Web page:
Abigail Trafford - Author, Journalist and Public Speaker

speeches

To Be a Woman in the 21st Century


By Abigail Trafford
Alum Speech to an all girls’ high school
The Ethel Walk School, Simsbury, CT
May 19, 2007


Fifty years ago, in a time of blue uniform dresses and black velvet jackets, there was a lot of emphasis on what it meant to be an Ethel Walker girl. After all, the school had a reputation. My aunts had come here in the 1920s. It was now the late 1950s. I wanted to succeed. The pressure was on. I remember the slogan: Wherever you go. Whatever you do. You represent the Ethel Walker School! And I was a shy, awkward girl, rebellious and day dreaming. And I would say to myself: Does the school ever wonder what Ethel Walker’s does to my reputation?

Now we have some answers. Over the past 50 years, it has become clear what it means to have an education at a single sex school and how this experience prepares us to be a Woman in Full—in love and in work—in the 21st century. Much in the world and at Walkers has changed. The year my classmates and I graduated, Eisenhower was president. There was only one woman in the Senate. Female journalists were not allowed in the National Press Club. Sputnik would rock the country. So would the nine students who desegregated the schools in Little Rock, Arkansas. Stamps cost three cents. The hit movie was “Peyton Place.” And Jerry Lee Lewis hinted at the future with a “Whole Lotta Shakin’ Goin’ On”

Without knowing it at the time, we would become the Faultline Generation, a cohort of women with one foot planted in the old rules of the Fifties, the other foot shoved into the social turmoil of the Sixties. Our personal lives tell the larger story of historic change.

Mine is typical. When I graduated from Walkers, I had vague dreams of being an actress, writing poetry, marrying Mr. Right and having five children. In other words, I was clueless. When I went to Bryn Mawr and studied French and German, a favorite uncle remarked: “you’d make a good wife of a diplomat.” . . . But then my father, a Boston lawyer, casually asked: “why don’t you go to law school?” And so began the push-pull of being a Woman in Full.

Well yes. I would become a good wife—twice! I would become a mother with two daughters, a grandmother of two girls and a boy. I would also become a professional woman and family breadwinner. I belong to that class of “first and only” women who had to break down the barriers against women in all fields from medicine and the military to journalism and plumbing. Often I was the only female reporter at press conferences at NASA’s space center in Houston when I covered the Apollo moon landing program. In the 1980s, I became the first (and only) woman assistant managing editor at U.S. News & World Report. It was lonely. . . and exhilarating.

How does a single sex education make a difference? Let me count four ways:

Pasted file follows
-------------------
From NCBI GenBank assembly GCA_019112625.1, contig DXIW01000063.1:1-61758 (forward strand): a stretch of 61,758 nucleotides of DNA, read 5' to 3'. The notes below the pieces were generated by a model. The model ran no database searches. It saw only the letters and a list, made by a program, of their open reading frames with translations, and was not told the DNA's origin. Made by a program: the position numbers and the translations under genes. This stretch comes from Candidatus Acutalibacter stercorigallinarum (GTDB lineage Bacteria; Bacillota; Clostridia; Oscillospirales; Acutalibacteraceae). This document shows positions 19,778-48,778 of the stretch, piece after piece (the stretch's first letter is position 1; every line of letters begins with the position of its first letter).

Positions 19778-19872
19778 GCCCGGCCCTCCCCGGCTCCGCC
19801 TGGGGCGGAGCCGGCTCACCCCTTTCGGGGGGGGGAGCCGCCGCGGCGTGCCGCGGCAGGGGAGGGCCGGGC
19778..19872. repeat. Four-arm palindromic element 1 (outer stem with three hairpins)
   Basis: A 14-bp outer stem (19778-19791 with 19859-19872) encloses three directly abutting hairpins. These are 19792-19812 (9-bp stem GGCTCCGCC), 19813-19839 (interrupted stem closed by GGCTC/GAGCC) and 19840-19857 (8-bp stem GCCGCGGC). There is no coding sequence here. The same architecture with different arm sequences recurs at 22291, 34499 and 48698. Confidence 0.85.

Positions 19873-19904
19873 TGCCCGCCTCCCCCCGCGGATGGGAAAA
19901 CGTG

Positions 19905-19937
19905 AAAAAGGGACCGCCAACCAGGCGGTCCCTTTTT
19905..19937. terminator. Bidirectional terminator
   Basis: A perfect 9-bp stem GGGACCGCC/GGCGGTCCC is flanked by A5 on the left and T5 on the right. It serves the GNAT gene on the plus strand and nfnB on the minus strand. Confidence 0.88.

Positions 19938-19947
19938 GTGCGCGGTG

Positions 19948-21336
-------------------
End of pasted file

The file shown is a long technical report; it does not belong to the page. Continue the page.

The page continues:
Number One: Resilience. We learned to be strong to survive. It wasn’t just about studying Greek and Latin with Miss Sindall, or playing field hockey on the Dial team. It was about developing a code, a damn-the-torpedoes kind of confidence.

I needed that. When I started out covering the space program, I was a recent French poetry major having to write about mathematical calculations of lunar trajectories, a breast-feeding mom among machine-loving guys, a beginner among experienced reporters. . . . I stuck out. . . . . Behind my back, the guys joked about Ms Tits in the newsroom. They stared. Some hit on me. What today would be considered sexual harassment was just the way it was. But a number were kind and helpful—and became good friends. I hunkered down, damned the torpedoes, struggled with celestial mechanics and learned how to cover a big story.

It didn’t get easier. My first day at U.S. News & World Report, the publisher remarked to the editor: “I’ve seen a strange woman walking around the halls—what is she doing here?” The editor, who later told me this, had to explain that I was a new reporter. . . the magazine needed to hire a woman. It was the 1970s and the Women’s Movement was making noise. Still, the personnel manager asked: oh, you have children! What are you going to do about your children? The question would be illegal today.

Yet the challenge is the same. How do women in full succeed in the workplace while they successfully raise children? This is a political issue. As is often said: If men had babies, the country would have paid parental leave, a national childcare policy and flexible work schedules. There is still much to do.

Back then . . . Again, I hunkered down. I hired a wonderful housekeeper for the children and paid her more than my starting salary at the magazine. I rented out rooms in our house to make up the difference. The children grew up. I became Health Editor at The Washington Post. Damn the torpedoes.